Districts of Florence Italy


First time visitors to Florence Italy will wonder where to start.  For travelers, they will find that Florence is divided into 5 main districts and that most of the areas attractions are located in these Districts of Florence Italy.

Developed in 1812, the Florence district of Campo di Marte served as the training site for the Tuscan army after Napoleon invaded the country. Now known as “Quartiere 2,” the area boasts many historical buildings originating from the turn of the century. Nestled amongst the array of historical structures, modern buildings emerged beginning in the 1950s. Today, the area is known as the city’s sports center. The Artemio Franchi Stadium stands here and serves as home to the Fiorentina soccer team. The region additionally features numerous public sports facilities and swimming pools.

Districts of Florence, Italy

Commonly referred to as Centro Storico, the design of the Centre district closely follows the road system constructed centuries ago by the Romans. The many attractions in this part of the city include the array of Renaissance palaces that line the medieval streets. Centre is also the region of Florence where visitors have the chance to see the artwork of the masters. The Galleria dell’Accademia features many paintings but the most famous attraction here remains Michelangelo’s statue of David.

Gavinana lies on the left bank of the Arno River and borders the city of Bagno a Ripoli. The historic location dates back to the 10th century and stands between the heart of the city and the famous Chianti wine country. The area also harbors treasured Renaissance works of art. The Church of Santa Maria dates back to the 14th century and features an altarpiece designed and crafted by Giotto. Students regularly attend the significant Longhi Foundation, which offers instruction in art history.

The Santa Maria Novella district lies between the banks of the Arno River and the railway station. The location features some of the finest architecture in the city that includes elegant piazzas. Explore the many medieval streets; visit the Croce al Trebbio, a shrine constructed by a group of Dominican friars. Indulge in window-shopping on the Via Tomabuoni.

Santo Spirito Oltramo, commonly called Santo Spirito, spans from San Frediano to San Niccol. The Piazza Santo Spirito lies in the heart of the district, which harbors local history and artisan workshops. Here, guests also find traditional markets in the squares. Visit any of the many beautiful churches and museums. The various facilities offer a glimpse into costumes, modern art and even silverware over the centuries. Take a leisurely stroll through the Boboli Gardens while admiring the fountains, statues and colorful landscape that span over 53 square yards.


Santo Spirito District, Florence, Italy


Santo Spirito District of Florence, Italy is an enchanting town that faces the Basilica of the Holy Spirit. The center of the city often hosts art exhibitions and local musicians. Vibrant bars and nightlife can also be found in the center of the Santo Spirito District.

The city is famed for its Basilica of the Holy Spirit, which was created by artist Filippo Brunelleschi. The yellow ocher facade makes the Basilica hard to miss. The Basilica is known as one of the most beautiful Renaissance churches throughout all of Italy.

Palazzo Pitti Museum, Santo Spirito District of Florence, ItalyIn the southeastern end of the Santo Spirito District, visitors will find a few museums. The Palazzo Pitti Museum features mini exhibitions that are dedicated to famous Italian painters. Visitors can also gain admission to the Boboli Gardens and view all of the sculptures that surround the gardens. There are various pathways adorned with beautiful flowers at the Boboli Gardens.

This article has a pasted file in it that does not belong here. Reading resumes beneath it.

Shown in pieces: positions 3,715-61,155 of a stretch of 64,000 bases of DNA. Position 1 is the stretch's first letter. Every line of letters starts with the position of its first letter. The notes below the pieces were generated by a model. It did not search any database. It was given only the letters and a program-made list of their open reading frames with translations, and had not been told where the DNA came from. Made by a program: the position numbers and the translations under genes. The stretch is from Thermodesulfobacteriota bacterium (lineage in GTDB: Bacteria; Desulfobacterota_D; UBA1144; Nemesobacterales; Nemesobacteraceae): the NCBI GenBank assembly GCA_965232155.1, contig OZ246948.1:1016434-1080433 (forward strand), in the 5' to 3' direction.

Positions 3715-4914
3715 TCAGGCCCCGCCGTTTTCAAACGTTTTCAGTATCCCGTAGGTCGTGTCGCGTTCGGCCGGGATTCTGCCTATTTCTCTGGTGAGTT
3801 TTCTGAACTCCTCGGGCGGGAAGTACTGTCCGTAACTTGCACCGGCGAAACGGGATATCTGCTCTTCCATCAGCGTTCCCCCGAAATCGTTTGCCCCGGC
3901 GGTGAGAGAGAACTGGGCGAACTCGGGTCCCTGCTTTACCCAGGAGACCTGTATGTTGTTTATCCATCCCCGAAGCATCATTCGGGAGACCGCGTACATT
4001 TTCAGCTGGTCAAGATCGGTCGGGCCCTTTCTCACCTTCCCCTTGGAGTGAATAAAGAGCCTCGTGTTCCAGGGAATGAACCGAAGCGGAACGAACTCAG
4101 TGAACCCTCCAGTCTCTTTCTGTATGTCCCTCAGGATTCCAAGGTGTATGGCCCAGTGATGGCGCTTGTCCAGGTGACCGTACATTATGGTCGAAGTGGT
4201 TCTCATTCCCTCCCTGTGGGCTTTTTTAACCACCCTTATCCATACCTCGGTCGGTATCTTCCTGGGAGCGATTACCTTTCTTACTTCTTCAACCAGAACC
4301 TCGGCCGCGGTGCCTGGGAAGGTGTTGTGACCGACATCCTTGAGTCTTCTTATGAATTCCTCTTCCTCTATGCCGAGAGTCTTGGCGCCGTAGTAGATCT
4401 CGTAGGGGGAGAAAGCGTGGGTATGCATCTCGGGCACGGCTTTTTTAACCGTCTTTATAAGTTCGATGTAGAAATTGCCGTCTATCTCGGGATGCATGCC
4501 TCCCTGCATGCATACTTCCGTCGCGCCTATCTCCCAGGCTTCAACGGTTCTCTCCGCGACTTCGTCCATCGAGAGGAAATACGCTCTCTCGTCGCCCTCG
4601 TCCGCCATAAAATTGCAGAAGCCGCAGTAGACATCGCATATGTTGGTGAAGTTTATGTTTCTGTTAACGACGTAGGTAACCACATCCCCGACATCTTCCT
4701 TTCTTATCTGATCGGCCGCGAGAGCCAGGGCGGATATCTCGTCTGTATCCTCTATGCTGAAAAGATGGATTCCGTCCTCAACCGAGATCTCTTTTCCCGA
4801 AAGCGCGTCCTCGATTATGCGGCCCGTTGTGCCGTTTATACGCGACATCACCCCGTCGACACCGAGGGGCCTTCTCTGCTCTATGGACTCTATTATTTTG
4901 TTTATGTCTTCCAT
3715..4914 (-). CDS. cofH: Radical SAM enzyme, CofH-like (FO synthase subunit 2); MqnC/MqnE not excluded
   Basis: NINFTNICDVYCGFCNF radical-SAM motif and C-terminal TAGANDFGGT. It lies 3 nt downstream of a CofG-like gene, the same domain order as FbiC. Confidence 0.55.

There are a variety of great restaurants to be found in this district too. To enjoy flavorful pasta dishes in an outdoor setting, Borgo Antico is one place to try. Il Santo Bevitore is an excellent place to dine at for a classy lunch or dinner. The traditional Italian cuisine is on point at Il Santo Bevitore. For a unique ambiance, visitors can check out the Munaciello Pizza House. The restaurant is housed within an old monastery which is complete with an angel sculpture hanging from the wall.

For the best shopping in the Santo Spirito District of Florence, travelers only need to check out the street located behind the Basilica. The Via Santo Spirito street is filled with charming boutiques, designer stores and antique outlets. There are also beautiful buildings lined up and down the street. The buildings were created by the wealthiest families of Italy, so it is worth taking a few minutes to check out these treasures.

Visitors can also gain a better appreciation and understanding of Florentine royalty by visiting the Pitti Palace. During the 16th century, the palace served as the main residence for the Medici grand duke. Each room in the palace contains artwork created by Italy’s foremost painters, including Raphael, Caravaggio, Titan and Botticelli.

The city is also adorned with other religious structures that are worth a visit. The Brancacci Chapel contains frescoes created by Masaccio. Famous paintings such as “The Expulsion of Adam and Eve” can be found tucked away in this famous religious center.


Campo di Marte District, Florence, Italy


Campo di Marte District in Florence, Italy has one of the smaller train stations located in Florence. It can be found in a primarily residential area. There are a few local boutiques and cafes in the area, but nothing of distinction. However, it is also close to the Stadio Artemio Franchi. This is the home stadium of Florence’s soccer team, Fiorentina. If you want to catch a game, then you can easily buy tickets the day of the match. Florentines love soccer, but the home team is not that popular. Thus, there should be no crazy crowds or lines keeping you from getting inside the 4,000 seat stadium.